During his inaugural speech, President Trump clearly and forcefully outlined the strategic political-economic policies he will pursue over the next four years. Anti-Trump journalist, editorialists, academics and experts, who appear in the Financial Times, New York Times, Washington Post and the Wall Street Journal have repeatedly distorted and lied about the President’s program as well as his critique of existing and past policies.
We will begin by seriously discussing President Trump’s critique of the contemporary political economy and proceed to elaborate on his alternatives and its weaknesses.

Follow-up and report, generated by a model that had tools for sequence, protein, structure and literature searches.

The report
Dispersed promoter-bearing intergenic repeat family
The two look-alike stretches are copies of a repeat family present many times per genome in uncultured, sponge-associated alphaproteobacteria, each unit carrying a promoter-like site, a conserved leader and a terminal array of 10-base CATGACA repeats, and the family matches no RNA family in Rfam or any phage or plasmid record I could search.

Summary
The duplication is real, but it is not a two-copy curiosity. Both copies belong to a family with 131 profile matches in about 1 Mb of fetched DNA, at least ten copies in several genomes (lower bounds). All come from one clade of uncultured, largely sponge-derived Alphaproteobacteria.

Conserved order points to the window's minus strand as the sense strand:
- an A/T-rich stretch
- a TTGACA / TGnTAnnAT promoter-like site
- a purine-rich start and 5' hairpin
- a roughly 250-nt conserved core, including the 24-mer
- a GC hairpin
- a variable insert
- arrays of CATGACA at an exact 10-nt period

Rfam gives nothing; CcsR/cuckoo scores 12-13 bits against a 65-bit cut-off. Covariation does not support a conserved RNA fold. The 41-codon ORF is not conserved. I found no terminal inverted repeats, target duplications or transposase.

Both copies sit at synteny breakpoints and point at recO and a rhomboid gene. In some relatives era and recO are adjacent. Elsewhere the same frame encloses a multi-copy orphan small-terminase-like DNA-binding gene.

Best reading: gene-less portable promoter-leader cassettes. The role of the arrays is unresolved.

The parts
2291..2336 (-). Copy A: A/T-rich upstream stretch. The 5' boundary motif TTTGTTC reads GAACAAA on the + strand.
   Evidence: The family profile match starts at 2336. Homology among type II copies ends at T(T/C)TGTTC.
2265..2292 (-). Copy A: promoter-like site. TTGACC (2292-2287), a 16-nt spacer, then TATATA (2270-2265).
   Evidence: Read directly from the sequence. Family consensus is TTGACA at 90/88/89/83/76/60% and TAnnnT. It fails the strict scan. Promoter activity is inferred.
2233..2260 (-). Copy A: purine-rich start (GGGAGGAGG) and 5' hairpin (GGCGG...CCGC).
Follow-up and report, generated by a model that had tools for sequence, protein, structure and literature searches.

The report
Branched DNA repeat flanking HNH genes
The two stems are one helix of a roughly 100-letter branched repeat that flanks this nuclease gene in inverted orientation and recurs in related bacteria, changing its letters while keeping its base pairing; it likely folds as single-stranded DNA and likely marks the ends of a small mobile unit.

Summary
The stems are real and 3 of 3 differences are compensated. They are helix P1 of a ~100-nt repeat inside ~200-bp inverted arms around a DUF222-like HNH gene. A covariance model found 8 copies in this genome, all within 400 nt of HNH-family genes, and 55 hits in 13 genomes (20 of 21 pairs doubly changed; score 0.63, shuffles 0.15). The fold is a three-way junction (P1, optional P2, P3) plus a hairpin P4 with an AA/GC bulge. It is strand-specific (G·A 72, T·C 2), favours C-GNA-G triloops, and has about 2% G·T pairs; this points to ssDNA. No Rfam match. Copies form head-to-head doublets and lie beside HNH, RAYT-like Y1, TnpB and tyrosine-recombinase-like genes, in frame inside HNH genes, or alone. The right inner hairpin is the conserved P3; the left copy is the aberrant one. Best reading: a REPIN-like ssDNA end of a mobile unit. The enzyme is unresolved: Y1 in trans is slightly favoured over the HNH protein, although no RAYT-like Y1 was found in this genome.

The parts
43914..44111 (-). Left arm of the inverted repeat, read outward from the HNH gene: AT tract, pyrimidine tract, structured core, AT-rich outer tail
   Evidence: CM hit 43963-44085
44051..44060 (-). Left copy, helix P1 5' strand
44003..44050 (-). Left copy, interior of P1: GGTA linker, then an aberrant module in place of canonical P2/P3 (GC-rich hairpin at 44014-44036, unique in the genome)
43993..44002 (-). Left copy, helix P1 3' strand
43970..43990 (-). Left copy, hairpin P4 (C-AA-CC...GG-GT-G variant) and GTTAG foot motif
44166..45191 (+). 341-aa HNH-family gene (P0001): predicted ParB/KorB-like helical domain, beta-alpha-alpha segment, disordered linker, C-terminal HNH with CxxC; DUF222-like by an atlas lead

President Trump’s Critique of the Ruling Class
The centerpiece of Trump’s critique of the current ruling elite is the negative impact of its form of globalization on US production, trade and fiscal imbalances and on the labor market. Trump cites the fact that US industrial capitalism has drastically shifted the locus of its investments, innovations and profits overseas as an example of globalization’s negative effects. For two decades many politicians and pundits have bemoaned the loss of well-paid jobs and stable local industries as part of their campaign rhetoric or in public meetings, but none have taken any effective action against these most harmful aspects of globalization. Trump denounced them as “all talk and no action” while promising to end the empty speeches and implement major changes.